A number of disciplines, including economics, english, history, and philosophy, have followed this model, where initial interviews for tenure track jobs took place at the annual meeting. This is, as I understand it, typically a “long short list” of candidates, maybe 7-12 people. After these short interviews, 2-4 top candidates go for a much longer and more involved second round interview in the form of a campus visit. My understanding is that both philosophy and history are seeing a move away from this model, using skype/phone interviews for the first round. Most political science departments go straight to the campus interview, or do a round of phone interviews first. I’m quite skeptical of the assertion of the superiority of this model; no evidence is given that a 30 minute interview in a hotel room in the middle of a conference provides particularly useful information above and beyond what is already in the application packet and could be ascertained through a phone interview. But beyond that this strikes me as a terrible idea for two reasons. First, it degrades the experience of the conference itself; making inherently miserable and stressful for all graduate students attending. Second, and more importantly, it imposes a significant cost on the many broke graduate students (to say nothing of adjuncts and the unemployed) who may be applying for jobs. Even with judicious cost-cutting measures, the costs of attendance can easily exceed a thousand dollars. Many–perhaps most–graduate students do not have notable conference travel support from their departments or universities. (At UW, the policy for PhD Students was that we could be reimbursed for airfare only for up to three conferences during our time in the PhD program. I know plenty of people who would have been happy to have that level of support). Their educational debt is likely sufficiently crippling without imposing a $1,000 cost for being seriously considered for a job. This is a particularly acute concern when the search for a tenure track job often takes several years, with the first few years out of graduate school spent in visiting or temporary faculty positions with little conference travel support (and, of course, many job seekers will never actually find a tenure track position). Third, a good part of actual value of conferences for graduate students is an opportunity to present and get some feedback on your work, but APSA is often off the table because it’s the most competitive conference in American political science, with acceptance rates in some sections as low as 10%. Graduate students would be more likely to get this benefit at a smaller regional conference where they’re more likely to get on the program (and smaller conferences are often quite a bit cheaper to attend).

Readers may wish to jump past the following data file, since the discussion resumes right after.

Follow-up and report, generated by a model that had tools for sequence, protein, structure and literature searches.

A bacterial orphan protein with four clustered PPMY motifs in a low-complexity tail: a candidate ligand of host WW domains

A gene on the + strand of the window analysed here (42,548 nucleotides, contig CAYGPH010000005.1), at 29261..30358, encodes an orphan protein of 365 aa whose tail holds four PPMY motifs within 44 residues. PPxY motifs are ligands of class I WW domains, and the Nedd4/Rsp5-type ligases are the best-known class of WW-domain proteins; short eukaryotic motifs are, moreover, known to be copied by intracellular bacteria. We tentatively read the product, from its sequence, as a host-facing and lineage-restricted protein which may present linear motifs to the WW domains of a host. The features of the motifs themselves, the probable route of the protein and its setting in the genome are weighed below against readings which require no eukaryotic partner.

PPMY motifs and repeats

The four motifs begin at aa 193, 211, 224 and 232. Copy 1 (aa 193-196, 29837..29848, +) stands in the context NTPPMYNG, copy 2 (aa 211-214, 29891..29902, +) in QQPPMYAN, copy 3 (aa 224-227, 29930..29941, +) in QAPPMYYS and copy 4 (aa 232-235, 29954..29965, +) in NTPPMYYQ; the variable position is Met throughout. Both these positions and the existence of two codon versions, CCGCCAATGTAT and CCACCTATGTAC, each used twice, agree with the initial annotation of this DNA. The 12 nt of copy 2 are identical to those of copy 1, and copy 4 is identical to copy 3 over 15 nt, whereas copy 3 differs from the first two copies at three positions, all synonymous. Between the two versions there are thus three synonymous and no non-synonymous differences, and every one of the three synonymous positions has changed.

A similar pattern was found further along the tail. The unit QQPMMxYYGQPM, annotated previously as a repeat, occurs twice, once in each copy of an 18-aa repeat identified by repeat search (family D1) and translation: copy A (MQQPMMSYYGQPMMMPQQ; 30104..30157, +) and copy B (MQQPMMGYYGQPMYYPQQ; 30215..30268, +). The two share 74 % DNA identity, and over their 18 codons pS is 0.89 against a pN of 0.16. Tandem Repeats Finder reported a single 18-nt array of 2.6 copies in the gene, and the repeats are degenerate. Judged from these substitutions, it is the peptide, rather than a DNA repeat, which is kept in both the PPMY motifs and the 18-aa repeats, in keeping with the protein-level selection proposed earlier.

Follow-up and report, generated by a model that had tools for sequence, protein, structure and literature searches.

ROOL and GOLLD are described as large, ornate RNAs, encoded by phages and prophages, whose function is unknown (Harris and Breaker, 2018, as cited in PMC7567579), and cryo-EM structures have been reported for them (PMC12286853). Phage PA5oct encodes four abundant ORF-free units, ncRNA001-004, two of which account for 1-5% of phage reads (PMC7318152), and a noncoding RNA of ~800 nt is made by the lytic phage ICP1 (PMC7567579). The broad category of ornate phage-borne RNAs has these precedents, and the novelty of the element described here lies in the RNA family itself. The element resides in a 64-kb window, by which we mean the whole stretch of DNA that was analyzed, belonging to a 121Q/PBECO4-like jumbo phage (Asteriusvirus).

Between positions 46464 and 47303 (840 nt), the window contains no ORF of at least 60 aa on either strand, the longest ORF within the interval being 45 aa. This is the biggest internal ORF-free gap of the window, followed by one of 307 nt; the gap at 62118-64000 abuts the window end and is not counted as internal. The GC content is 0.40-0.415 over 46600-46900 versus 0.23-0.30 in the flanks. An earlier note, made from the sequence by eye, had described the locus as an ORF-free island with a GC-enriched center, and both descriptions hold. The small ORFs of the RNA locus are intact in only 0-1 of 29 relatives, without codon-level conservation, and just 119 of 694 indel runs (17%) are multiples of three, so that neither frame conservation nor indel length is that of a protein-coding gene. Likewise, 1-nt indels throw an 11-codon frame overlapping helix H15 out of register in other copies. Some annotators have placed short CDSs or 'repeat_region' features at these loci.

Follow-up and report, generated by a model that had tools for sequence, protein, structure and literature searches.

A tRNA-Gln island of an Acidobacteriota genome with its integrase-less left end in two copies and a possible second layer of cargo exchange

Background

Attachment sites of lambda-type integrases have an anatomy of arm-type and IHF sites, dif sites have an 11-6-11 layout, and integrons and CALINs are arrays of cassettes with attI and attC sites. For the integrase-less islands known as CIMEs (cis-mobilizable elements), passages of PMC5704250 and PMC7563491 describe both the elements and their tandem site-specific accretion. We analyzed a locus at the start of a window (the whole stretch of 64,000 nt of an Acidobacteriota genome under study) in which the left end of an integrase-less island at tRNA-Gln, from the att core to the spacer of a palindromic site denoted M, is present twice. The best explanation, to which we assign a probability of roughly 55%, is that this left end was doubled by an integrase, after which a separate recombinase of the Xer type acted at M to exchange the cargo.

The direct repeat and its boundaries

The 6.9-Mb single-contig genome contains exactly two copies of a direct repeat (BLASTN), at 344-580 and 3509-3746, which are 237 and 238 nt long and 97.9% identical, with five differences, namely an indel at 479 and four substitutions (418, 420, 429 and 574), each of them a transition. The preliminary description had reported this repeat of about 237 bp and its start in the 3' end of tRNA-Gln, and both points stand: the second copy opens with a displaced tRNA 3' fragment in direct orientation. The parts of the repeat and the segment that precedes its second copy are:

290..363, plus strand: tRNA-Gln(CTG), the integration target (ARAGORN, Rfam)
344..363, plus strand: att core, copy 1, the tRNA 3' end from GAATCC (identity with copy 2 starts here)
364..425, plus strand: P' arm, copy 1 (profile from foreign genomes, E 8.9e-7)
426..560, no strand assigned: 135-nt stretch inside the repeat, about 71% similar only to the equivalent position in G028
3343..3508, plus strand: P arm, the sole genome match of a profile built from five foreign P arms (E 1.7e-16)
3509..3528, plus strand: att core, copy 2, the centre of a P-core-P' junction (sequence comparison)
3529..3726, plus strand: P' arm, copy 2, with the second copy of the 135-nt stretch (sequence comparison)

I’d be happy to see APSA moved back a few weeks, but moving toward this job market model strikes me as a plan for which the costs significantly outweigh any possible benefits. I won’t be signing this petition.

“Traditional” masculinity: incoherent and odious

[ 250 ] June 4, 2014 |

In the case of Douthat vs. DeBoer, we find for DeBoer and reject Jonathan Chait’s strange finding that Douthat’s rejoinder to him is “persuasive and highly interesting.”*

DeBoer (writing in the immediate aftermath of the Santa Barbara shootings):